adapted from the original by Joseph Campbell aka Seosamh MacCathmhaoil
Where lagan streams sing lullabies
There blows a lily fair.
The twilight gleam is in her eye
The night is on her hair.
And like a love sick leannan si
She hath my heart in thrall;
No life have I, no liberty
For love is lord of all.
And often when the beetle's horn
Has lulled the eve to sleep
I steal into her shieling lorn
And through the doorway creep.
There on the cricket's singing stone
She makes the bogwood fire
And sings in sweet and undertone
The song of heart's desire.
"Lagan" means something one throws away in hopes that it will return. From what I remember it seems people would offer gifts to gods or supernatural beings and toss them in the "lagan stream", hoping these items would come back.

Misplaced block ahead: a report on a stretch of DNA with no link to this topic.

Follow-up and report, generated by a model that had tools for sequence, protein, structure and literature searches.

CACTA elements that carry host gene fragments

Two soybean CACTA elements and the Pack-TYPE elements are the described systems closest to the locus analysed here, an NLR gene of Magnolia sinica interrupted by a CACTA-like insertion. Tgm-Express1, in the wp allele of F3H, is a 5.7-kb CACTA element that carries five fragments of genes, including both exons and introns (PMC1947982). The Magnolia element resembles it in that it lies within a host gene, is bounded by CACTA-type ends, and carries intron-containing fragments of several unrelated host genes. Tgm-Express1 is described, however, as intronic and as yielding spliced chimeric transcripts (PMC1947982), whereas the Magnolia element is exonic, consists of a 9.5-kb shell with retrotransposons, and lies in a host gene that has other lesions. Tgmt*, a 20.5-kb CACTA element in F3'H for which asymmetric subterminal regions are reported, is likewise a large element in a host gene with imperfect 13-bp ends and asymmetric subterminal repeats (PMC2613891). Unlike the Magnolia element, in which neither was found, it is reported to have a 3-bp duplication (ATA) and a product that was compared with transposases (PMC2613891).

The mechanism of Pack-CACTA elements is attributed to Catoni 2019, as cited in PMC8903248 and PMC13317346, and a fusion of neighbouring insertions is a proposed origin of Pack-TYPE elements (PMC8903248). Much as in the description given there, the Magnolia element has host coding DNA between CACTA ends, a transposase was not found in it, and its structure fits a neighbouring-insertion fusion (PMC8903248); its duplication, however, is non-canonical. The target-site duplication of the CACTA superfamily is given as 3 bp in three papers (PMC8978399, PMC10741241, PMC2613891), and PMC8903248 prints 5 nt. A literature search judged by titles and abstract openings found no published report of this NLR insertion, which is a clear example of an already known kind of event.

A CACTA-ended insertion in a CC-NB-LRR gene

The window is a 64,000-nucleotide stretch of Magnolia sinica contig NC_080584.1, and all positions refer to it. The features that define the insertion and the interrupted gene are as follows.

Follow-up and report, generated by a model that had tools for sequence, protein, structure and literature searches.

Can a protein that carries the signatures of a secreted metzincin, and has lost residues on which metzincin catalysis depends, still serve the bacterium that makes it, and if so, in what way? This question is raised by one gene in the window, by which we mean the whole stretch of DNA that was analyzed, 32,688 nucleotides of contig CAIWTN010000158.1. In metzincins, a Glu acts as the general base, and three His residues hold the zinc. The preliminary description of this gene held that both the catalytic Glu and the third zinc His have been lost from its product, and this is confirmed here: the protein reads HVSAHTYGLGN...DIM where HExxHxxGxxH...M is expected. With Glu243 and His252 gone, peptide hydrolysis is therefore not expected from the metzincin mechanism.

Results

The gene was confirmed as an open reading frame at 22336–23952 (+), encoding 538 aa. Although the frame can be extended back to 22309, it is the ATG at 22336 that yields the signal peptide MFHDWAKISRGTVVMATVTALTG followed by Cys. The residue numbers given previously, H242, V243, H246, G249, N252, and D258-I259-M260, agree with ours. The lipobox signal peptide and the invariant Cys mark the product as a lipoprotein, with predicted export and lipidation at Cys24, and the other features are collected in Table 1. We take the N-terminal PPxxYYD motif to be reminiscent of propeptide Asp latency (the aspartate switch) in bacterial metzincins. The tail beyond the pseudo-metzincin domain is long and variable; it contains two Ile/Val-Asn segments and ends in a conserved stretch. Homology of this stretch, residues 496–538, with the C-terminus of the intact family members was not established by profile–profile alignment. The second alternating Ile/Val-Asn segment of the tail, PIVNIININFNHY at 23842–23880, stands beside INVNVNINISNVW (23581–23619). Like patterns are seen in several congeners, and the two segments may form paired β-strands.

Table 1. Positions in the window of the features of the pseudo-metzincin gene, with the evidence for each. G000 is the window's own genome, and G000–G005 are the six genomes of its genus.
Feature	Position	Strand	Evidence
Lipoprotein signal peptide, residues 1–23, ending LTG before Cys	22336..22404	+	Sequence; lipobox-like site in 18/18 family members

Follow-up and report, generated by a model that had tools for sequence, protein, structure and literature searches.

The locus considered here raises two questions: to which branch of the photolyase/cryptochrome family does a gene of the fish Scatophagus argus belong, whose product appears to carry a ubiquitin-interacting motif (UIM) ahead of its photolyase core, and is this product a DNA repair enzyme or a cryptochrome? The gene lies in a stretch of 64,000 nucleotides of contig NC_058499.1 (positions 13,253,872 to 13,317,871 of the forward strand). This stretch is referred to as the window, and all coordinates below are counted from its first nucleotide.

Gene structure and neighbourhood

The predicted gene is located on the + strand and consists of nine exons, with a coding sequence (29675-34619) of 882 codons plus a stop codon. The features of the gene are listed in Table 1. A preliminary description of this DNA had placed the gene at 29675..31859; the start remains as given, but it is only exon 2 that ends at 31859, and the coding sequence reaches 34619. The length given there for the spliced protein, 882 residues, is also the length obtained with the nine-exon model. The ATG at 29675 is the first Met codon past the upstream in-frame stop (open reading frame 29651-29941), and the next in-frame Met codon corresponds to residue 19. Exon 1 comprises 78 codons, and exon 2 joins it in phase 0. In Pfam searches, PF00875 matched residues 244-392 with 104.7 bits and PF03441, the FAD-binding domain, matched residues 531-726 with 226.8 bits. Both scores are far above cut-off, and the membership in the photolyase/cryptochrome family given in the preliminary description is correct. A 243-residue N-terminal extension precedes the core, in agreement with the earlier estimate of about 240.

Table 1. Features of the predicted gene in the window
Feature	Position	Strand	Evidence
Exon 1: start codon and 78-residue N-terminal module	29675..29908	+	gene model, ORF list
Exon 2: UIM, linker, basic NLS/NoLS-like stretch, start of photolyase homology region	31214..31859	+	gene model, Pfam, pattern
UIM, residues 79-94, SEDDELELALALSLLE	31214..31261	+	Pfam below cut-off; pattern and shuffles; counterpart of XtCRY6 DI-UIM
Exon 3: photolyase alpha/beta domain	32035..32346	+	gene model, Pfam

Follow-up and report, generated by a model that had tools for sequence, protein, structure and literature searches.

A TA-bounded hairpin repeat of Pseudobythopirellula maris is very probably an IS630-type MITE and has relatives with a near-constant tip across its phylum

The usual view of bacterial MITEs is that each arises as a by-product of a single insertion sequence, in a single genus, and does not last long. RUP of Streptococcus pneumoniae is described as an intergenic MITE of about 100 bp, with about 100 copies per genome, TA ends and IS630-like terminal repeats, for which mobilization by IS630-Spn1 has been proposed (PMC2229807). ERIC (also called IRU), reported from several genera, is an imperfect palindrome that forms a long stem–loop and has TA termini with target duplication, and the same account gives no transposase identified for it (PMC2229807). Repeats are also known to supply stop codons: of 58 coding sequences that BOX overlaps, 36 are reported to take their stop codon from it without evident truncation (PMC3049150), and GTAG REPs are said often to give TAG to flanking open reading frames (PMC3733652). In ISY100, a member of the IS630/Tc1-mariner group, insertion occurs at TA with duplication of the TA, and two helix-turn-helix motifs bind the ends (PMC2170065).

"Leannan si" is a beautiful, but deadly spirit who appeared (conviently) in the guise of a woman. She lured young men to their doom, bascially. Similar to a siren in Greek mythology.
I have no freakin' clue what a "beetle's horn" is, except in the song is sounds kinda phallic. Hence, the sword references. And then sex. And death. Of course.
"Shieling lorn" is just a little hut. Like Princess Isabella's Sooper Sekret Hideway and Sexin' Spot (tm) in the film.
Also: the thistle, especially as used in the film, is a symbol of Scotland. Just FYI.